The most daunting task for digital photographers of all types, from snapshooter to pro, is organizing the hundreds or thousands of images they’ve captured.
You can put your images into simple folders, but free or inexpensive photo organizers are a better way to wring order from chaos.
I’m wrapping up my series on freeware with one of my favorite topics: the best in free imaging applications.
The most-impressive products I’ve encountered this year, they should be on the PC of everyone who makes screen captures, manages huge image libraries, or builds digital panoramas.
Anyone who’s read my column more than once or twice knows I’m a long-time advocate of free software, which is why only eight of the 40 programs on my laptop are commercial products.
Those eight are applications that simply work better than any of their free competitors — I’m going to tell you about five of them, and why I still use them.
Yes, the Internet can be a dangerous place. But use smart computing practices and the right security products, and you can reduce your risk to very low levels.
What may surprise you is that safe Web browsing needn’t require very many computer security products, and you can put together an effective defense without spending a cent.
Critics have rightly questioned whether Google’s Chrome browser transmits too much data about user browsing habits to the company’s databases.
Although most of the reports of Chrome’s privacy issues are more alarmist than factual, problems do exist — but they can be effectively controlled by changing a few Chrome settings.
You’re probably familiar with Web-based apps such as Google Calendar and Flickr, but there are dozens of useful, though less-known, Internet apps available for free.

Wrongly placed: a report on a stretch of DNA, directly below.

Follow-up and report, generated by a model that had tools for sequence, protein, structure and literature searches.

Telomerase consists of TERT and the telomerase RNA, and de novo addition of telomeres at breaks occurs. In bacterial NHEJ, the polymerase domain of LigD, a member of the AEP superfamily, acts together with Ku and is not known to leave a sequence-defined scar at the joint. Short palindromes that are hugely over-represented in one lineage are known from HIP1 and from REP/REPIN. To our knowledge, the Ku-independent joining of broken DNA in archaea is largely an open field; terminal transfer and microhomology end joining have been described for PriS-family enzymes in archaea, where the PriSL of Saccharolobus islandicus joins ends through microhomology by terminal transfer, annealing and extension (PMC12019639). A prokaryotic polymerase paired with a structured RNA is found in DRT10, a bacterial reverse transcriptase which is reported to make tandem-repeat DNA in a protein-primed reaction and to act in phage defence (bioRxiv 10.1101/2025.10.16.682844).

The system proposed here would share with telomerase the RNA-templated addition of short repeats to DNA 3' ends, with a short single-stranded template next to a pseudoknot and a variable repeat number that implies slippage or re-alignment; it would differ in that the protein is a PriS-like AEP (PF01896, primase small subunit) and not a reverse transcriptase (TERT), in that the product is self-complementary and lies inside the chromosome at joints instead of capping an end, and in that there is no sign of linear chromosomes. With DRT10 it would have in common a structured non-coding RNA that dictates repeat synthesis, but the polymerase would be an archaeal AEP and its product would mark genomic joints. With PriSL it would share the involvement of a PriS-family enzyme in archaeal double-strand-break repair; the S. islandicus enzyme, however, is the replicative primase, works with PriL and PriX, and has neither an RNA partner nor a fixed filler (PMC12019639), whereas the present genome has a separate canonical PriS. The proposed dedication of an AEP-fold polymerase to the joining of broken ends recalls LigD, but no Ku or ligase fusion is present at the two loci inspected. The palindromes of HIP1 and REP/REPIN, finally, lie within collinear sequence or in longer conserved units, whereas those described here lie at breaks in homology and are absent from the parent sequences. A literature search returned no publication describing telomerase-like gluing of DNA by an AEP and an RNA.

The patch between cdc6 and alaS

Some of these superb apps offer an excellent alternative to installing expensive, specialized utilities on your PC.
Just because a digital photo is poorly focused or blurred by motion doesn’t mean it’s a total loss.
Low-cost and free software can rescue blurry photos, once destined for the recycle bin.
Unexpected disk and processor activity on your PC is worrisome, but unexplained Internet activity is more troubling.
When a PC suddenly starts uploading or downloading data from the Internet, a bit of paranoia is perfectly reasonable — possibly your system is infected with a virus or other malware. In this report, I’ll give you some tips and tools for diagnosing unexplained Internet traffic.
When your PC suddenly starts churning away on its own without obvious cause, you probably wonder: Just what the heck is going on in there?
The possibilities range from the benign to the nefarious — from normal background maintenance to a hacker mining your system for whatever he can find. Here are some tips and software that can help you know exactly what’s happening.
High-end digital image editors such as Adobe Photoshop and the free GNU Image Manipulation Program (GIMP) are overkill for someone who simply wants to enhance digital snapshots.
Two less-complex photo editors, targeted at average snapshooters, are much easier to use and produce outstanding results — for free!